We reached the bottom of the hill. My companion, who had brought his photographic apparatus with him, and was anxious to get a view first from the base, waited to do it, the Kujiani with him. I slowly ascended; my horse, which belonged to a hill breed, climbing like a cat among the big rocks that covered the side. Soon I reached the summit, and prepared to look upon the very spot where our gallant fellows had made their death-stand. There it must be, I thought, towards the center. And I made my way towards it. The summit of the hill was of fairly large extent; but as I came nearer the middle, I saw that there the surface seemed strangely white. What could it be? I hurried forward; and to my horror there I saw gathered together in a great heap the skeleton bones of that heroic band. There, where the men had fallen, their remains had been lying for thirty-seven long years, bleached by the sun, and swept by every tempest which had broken on that hilltop. It was a ghastly sight. But it was not the ghastliness so much as the sadness of it that struck me most of all. Alien feet had trodden around that hill summit; the wild shepherds who tended their mountain sheep and goats, Kujiani and Ghilzai tribesmen, all had looked upon that open sepulcher; but never before had foot of brother Englishman been there, nor had friendly eyes lighted on the unburied remains. Here were truly the "relics of a lost army." I shouted to my companion, who was still at the bottom of the hill manipulating his camera, and waiting for a peep of brighter light to get a good view.

The day had been gloomy, in consonance, I seemed to feel, with the sad sight on which I had been gazing. I understood now why our Kujiani friend had been quite content to stay below, while I went up alone. He knew what I should find; but he had told us nothing to prepare us for the sight. In response to my shout, Burke, leaving his camera, came hastily up, and looked with horror and amazement on what again revealed itself, as we together came to the center of the hill. They were truly the remains of our poor fellows. Probably when Pollock's avenging force, after relieving the "Illustrious Garrison" at Jellalabad, had marched on up the passes towards Kabul, they had found the bodies here and had buried them out of sight by covering them with a great stone cairn. This, no doubt, had been subsequently rudely cast down by the Afghans belonging to the tribes around, and the bodies left shamefully exposed; the Mussulman creed allowing them to desecrate the place of sepulcher, but not the dead bodies themselves. This was the general opinion. And, indeed, in connection with our own campaign we had cases where graves in which we had laid some of our men to rest were rudely broken open,Coutrage enough, indeed,Cbut the remains within not otherwise disturbed.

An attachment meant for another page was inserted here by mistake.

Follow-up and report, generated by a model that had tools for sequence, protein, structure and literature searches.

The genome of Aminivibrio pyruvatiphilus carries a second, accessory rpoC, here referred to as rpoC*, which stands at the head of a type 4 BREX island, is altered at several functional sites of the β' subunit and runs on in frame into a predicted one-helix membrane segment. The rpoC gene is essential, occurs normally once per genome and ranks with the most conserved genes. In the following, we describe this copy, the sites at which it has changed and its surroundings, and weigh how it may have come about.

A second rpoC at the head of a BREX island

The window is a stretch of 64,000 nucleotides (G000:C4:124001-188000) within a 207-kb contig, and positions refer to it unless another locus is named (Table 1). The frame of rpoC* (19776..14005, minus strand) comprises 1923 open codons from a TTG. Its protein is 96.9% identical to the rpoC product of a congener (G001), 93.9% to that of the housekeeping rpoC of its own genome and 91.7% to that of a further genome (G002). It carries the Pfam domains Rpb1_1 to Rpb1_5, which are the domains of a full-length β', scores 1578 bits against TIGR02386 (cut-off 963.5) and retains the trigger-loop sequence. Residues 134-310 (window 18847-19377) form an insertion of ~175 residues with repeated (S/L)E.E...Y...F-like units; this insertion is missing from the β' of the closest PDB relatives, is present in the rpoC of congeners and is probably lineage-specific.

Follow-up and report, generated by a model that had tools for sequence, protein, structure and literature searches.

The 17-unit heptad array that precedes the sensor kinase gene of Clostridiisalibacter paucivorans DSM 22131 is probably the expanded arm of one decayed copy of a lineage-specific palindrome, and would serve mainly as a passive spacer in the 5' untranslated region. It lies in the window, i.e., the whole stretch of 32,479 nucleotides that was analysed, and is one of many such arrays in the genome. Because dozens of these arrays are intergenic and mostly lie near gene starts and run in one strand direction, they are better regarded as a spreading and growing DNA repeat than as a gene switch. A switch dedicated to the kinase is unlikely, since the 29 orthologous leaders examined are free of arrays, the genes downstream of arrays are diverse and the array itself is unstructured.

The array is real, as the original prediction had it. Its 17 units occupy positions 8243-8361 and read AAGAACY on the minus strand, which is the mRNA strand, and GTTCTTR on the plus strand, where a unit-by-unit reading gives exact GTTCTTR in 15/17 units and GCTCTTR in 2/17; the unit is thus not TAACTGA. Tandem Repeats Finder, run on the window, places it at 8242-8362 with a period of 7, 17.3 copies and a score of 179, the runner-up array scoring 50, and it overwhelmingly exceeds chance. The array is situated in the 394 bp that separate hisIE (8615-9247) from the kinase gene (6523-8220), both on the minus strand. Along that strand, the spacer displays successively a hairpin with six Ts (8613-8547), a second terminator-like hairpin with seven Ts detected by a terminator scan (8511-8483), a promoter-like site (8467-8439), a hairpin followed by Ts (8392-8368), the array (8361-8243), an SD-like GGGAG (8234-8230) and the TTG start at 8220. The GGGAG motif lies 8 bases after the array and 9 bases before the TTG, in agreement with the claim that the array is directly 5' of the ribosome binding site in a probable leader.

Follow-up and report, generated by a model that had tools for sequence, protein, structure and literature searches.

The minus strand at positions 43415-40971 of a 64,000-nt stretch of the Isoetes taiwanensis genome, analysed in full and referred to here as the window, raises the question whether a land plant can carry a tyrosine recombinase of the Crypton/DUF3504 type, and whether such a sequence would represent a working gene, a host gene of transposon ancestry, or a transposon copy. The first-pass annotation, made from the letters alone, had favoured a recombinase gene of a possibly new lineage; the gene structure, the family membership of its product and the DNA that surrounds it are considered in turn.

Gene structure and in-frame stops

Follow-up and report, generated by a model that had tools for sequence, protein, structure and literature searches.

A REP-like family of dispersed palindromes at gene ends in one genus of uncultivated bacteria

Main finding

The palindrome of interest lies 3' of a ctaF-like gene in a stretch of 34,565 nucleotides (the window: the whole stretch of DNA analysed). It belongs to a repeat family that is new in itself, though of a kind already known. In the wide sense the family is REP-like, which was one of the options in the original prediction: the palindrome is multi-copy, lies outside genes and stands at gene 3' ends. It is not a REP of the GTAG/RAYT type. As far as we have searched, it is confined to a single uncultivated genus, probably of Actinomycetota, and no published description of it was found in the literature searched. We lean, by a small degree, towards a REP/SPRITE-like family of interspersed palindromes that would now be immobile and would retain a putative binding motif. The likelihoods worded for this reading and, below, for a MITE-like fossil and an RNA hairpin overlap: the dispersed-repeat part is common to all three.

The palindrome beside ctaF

Burke brought up his camera, and from the top of a neighboring height took a picture of the "Hill of Bones," as it afterward came to be called. It was a gloomy, weird picture enough! All around were the mountain spurs reaching down to the barren plain, the furthermost peaks still capped with snow. Yonder away the dark entrance to the Jugdullok Pass. And here in the middle the one solitary round-topped hillCmonument and grave at once. Two human forms could be discerned, myself and the old Kujiani, who had now been induced to come up too; we two looking down sadly on the gathered bones of the brave men, as they lay resting on God's earth, and looking up into the face of God's heaven.

When we returned to camp we unfolded the tale of what we had found, and arrangements were made soon after for the reverent burial of the bones. A detachment was sent out, and over the great grave they raised a tall obelisk, which no doubt still marks the spot.


From: Eva March Tappan, ed., The World's Story: A History of the World in Story, Song and Art, (Boston: Houghton Mifflin, 1914), Vol. II: India, Persia, Mesopotamia, and Palestine, pp. 275-282.

Scanned by Jerome S. Arkenberg, Cal. State Fullerton.

Note: Many Western sources about Islamic countries exhibit what has come to be known as orientalism. The terms used ("Mohammedan" for instance rather than "Muslim"), and the attitudes exhibited by the writers need to be questioned by modern readers.

This text is part of the Internet Islamic History Sourcebook. The Sourcebook is a collection of public domain and copy-permitted texts for introductory level classes in modern European and World history.

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© Paul Halsall, November1998